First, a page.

The Cur tain Goes Up
One student's experiences
on the live stage
By Emily S.
AOA student, Emily S., tells of her
experiences in an international theatre
"Theater doesn?t last, except in
people?s memories and in their hearts. That?s
the beauty and sadness of it. But that?s life:
beauty and sadness. And that?s why theater
is life." - Sherie Rene Scott
Since February of 2019, I have been
working with my theatre troupe on a Turkish
play. We worked on Saturdays and Sundays,
twelve hours a week, every week from
February to January. We spent over 500
hours in close quarters, running dance
numbers, singing, acting, sleeping, fixing
costumes, and becoming a family.
Our play opened on January 6, 2020.
We were going to be performing in a big
theater in Izmir, the largest city in our
province. We got to our rehearsal theatre
way before the bus was scheduled to leave,
and all stood in a big circle, buzzing about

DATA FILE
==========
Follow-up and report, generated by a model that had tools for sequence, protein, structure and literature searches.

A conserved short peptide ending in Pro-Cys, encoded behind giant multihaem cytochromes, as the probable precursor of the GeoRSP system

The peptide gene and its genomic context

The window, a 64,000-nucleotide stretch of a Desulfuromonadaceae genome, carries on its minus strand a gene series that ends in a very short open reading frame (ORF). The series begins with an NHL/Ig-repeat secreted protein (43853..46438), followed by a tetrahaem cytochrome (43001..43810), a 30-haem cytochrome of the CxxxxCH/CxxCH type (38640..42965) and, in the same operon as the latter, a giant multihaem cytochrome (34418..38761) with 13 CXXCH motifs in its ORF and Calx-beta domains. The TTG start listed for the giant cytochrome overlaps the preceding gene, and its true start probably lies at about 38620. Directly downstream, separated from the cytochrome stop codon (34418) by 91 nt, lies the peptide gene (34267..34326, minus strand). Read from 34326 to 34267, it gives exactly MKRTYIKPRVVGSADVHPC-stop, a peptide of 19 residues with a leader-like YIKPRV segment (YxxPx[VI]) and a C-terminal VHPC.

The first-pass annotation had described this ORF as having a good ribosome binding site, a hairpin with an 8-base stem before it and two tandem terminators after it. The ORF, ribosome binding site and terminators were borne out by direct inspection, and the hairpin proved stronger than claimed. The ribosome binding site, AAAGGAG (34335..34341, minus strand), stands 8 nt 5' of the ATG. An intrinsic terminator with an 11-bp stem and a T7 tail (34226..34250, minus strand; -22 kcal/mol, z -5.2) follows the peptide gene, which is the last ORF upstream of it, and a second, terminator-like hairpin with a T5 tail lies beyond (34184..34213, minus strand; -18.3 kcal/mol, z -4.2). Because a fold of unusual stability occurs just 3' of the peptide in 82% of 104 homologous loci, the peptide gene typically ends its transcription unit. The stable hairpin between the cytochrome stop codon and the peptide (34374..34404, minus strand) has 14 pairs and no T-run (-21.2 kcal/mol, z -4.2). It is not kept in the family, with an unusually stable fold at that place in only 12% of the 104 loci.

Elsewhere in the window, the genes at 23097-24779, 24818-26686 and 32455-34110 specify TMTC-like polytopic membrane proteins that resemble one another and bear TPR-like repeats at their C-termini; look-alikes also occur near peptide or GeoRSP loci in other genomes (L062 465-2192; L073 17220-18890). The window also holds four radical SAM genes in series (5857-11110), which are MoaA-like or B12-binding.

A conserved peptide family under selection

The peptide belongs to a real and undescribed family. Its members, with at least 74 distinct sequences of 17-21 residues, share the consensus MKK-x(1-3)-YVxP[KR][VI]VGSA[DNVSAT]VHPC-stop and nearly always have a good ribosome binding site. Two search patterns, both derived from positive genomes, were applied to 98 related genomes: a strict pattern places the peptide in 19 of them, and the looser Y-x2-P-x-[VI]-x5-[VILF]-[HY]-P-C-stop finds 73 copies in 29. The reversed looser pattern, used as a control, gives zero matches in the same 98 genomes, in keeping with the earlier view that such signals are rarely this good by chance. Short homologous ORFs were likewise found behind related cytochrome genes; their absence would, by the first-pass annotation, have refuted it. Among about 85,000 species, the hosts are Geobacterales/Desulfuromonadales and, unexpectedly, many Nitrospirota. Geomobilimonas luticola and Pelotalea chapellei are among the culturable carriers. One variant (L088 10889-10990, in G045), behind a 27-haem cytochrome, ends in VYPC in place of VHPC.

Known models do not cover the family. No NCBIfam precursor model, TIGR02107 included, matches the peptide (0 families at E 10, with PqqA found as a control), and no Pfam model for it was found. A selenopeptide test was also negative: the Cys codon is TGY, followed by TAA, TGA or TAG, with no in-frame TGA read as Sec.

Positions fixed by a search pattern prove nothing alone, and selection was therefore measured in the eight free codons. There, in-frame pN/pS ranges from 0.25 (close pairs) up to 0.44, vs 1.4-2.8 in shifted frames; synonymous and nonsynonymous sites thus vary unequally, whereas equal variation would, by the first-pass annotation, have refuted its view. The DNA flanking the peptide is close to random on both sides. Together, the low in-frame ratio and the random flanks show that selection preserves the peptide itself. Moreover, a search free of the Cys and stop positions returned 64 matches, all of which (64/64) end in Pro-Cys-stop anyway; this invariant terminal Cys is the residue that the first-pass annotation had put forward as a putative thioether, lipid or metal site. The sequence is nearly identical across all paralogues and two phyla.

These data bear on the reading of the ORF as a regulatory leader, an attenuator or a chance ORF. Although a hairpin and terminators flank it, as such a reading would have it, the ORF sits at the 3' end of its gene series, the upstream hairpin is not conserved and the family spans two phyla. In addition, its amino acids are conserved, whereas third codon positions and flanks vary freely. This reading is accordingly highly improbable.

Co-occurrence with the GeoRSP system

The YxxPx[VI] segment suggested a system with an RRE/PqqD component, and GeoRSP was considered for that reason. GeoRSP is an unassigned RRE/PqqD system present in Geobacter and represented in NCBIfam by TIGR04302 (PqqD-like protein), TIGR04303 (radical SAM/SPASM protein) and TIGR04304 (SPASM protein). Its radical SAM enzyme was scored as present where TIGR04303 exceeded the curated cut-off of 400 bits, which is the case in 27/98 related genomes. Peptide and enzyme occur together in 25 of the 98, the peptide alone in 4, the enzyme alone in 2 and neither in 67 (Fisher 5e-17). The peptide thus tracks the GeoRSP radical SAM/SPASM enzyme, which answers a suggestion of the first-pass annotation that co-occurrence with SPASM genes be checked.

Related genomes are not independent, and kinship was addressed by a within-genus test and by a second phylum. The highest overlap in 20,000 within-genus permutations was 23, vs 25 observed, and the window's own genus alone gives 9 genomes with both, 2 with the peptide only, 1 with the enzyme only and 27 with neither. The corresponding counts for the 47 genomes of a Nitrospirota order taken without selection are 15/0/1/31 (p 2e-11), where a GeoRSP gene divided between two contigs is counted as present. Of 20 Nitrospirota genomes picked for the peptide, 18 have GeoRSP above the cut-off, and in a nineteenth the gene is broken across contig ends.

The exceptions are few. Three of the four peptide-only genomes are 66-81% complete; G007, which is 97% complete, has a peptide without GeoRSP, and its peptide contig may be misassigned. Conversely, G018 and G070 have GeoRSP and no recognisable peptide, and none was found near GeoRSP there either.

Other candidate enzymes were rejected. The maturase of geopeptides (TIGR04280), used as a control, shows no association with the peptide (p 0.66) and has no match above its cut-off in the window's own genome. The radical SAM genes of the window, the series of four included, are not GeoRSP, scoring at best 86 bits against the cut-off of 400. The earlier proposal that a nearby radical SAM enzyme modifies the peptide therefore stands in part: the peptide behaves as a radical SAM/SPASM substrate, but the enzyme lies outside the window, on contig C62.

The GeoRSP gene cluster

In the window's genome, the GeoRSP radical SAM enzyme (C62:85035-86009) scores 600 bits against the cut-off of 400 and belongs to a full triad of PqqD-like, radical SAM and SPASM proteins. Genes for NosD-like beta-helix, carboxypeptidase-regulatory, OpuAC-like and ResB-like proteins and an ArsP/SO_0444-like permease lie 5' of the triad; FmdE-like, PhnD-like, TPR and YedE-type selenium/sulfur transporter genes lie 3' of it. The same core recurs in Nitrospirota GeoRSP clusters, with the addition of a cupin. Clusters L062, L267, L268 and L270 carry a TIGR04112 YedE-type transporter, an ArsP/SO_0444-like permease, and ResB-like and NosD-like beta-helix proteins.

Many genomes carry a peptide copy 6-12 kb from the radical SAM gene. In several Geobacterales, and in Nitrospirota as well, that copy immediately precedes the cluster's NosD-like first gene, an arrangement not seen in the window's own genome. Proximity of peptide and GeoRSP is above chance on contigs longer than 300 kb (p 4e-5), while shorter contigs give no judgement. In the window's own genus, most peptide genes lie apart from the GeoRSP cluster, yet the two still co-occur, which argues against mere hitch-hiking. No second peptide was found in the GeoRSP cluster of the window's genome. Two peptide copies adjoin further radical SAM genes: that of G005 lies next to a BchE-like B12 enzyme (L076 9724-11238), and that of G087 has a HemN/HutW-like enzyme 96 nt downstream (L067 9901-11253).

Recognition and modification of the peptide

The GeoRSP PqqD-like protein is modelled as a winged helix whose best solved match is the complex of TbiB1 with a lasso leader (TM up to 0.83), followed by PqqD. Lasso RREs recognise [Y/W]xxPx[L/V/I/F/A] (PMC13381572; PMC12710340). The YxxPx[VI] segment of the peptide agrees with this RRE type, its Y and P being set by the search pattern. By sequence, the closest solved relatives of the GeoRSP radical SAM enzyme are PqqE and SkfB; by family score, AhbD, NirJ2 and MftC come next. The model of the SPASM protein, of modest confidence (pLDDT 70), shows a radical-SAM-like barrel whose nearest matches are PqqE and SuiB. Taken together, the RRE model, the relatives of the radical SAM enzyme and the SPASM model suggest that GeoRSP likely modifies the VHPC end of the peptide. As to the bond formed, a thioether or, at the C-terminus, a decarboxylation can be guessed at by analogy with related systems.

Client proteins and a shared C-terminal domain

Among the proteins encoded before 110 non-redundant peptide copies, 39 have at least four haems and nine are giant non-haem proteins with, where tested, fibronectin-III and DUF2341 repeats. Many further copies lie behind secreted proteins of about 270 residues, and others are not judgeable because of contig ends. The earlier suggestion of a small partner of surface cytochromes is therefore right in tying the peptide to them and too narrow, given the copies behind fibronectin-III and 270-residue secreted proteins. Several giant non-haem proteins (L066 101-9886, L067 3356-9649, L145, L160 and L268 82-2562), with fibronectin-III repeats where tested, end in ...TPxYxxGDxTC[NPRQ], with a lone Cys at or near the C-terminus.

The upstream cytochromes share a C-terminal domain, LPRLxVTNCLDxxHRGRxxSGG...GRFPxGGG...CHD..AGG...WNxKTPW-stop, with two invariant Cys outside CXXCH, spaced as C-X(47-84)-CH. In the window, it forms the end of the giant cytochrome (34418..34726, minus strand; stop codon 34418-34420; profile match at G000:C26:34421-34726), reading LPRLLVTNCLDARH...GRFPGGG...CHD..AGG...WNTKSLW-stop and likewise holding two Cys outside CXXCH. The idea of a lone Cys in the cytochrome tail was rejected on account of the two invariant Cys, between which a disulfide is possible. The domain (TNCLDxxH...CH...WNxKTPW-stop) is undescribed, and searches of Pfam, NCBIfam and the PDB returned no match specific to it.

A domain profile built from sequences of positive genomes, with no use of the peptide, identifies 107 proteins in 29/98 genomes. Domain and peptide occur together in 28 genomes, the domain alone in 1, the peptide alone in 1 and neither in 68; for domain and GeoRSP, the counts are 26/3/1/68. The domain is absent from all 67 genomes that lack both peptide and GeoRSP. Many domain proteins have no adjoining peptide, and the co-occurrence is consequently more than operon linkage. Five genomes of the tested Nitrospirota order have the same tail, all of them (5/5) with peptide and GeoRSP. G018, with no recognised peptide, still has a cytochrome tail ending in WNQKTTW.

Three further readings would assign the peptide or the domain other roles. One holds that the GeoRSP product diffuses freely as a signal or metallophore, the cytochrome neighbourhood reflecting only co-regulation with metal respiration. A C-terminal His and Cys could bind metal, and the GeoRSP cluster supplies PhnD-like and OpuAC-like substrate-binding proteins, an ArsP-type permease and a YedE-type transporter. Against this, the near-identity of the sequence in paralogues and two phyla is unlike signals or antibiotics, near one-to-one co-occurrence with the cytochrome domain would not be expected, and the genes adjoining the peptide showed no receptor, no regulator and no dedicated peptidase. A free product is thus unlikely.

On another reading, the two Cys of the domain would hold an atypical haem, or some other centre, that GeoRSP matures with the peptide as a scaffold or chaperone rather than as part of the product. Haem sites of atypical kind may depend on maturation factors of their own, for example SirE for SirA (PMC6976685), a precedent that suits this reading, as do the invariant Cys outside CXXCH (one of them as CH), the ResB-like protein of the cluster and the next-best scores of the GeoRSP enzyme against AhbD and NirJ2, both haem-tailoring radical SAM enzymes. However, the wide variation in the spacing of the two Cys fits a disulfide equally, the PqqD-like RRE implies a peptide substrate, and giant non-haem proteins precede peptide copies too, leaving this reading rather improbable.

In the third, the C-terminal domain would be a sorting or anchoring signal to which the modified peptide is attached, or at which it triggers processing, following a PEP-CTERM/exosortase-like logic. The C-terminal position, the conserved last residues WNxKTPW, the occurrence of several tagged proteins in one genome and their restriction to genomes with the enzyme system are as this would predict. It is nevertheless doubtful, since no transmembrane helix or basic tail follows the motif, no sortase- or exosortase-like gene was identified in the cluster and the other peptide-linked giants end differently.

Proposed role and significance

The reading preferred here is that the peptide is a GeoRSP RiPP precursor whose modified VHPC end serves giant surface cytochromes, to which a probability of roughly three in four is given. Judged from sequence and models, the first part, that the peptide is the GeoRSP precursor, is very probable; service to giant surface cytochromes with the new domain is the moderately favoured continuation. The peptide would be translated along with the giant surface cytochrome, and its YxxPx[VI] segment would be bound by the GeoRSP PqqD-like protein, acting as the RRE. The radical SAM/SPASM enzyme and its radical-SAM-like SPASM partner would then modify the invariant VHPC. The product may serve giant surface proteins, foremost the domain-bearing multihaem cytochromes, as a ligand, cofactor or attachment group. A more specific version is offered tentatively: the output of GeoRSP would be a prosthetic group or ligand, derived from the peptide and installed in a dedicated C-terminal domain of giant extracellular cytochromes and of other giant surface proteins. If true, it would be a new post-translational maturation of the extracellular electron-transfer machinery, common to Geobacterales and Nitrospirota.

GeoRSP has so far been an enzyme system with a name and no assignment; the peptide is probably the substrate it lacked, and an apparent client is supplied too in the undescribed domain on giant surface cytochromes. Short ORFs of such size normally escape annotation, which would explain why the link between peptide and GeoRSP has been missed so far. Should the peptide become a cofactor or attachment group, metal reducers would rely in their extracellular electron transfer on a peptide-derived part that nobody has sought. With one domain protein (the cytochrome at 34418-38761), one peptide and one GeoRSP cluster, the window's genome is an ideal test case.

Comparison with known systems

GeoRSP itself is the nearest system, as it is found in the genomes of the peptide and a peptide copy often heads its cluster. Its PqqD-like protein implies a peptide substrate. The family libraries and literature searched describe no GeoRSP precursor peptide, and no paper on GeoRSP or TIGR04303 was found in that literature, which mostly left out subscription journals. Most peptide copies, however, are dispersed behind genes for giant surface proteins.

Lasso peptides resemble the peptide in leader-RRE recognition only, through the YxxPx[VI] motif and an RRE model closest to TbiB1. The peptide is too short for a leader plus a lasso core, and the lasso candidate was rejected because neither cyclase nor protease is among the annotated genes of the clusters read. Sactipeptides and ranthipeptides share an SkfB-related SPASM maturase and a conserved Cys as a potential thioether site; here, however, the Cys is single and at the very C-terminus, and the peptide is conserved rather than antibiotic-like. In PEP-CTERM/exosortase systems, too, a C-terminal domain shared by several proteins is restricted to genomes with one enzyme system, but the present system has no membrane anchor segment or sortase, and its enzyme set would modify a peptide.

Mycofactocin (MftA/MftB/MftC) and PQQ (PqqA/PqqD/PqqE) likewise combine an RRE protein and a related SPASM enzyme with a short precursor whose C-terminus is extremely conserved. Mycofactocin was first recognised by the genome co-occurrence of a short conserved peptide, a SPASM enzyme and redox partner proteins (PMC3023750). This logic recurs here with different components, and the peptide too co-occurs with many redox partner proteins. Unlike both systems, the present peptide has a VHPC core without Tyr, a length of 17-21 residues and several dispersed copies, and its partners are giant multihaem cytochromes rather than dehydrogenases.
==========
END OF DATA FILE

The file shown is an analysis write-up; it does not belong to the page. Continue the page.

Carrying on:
who was coming to the show and what our
day would be like.
The bus pulled out of our town, a
cheer went up, and then everyone promptly
fell asleep. We had been up late the night
before rehearsing, and so we were rightfully
exhausted. However, when we pulled into
Izmir, the excitement level bounced back up.
Girls tossed tubes of lipstick at each other,
guys teased all the girls, older women fixed
their hair, and older men just shrugged and
let the chaos happen.
We watched another city?s show
before we were allowed to move in
backstage and get our set made. The girls
left the guys to the lifting and moving and
organizing, so that we could put on our
dresses, do our hair and makeup, and, of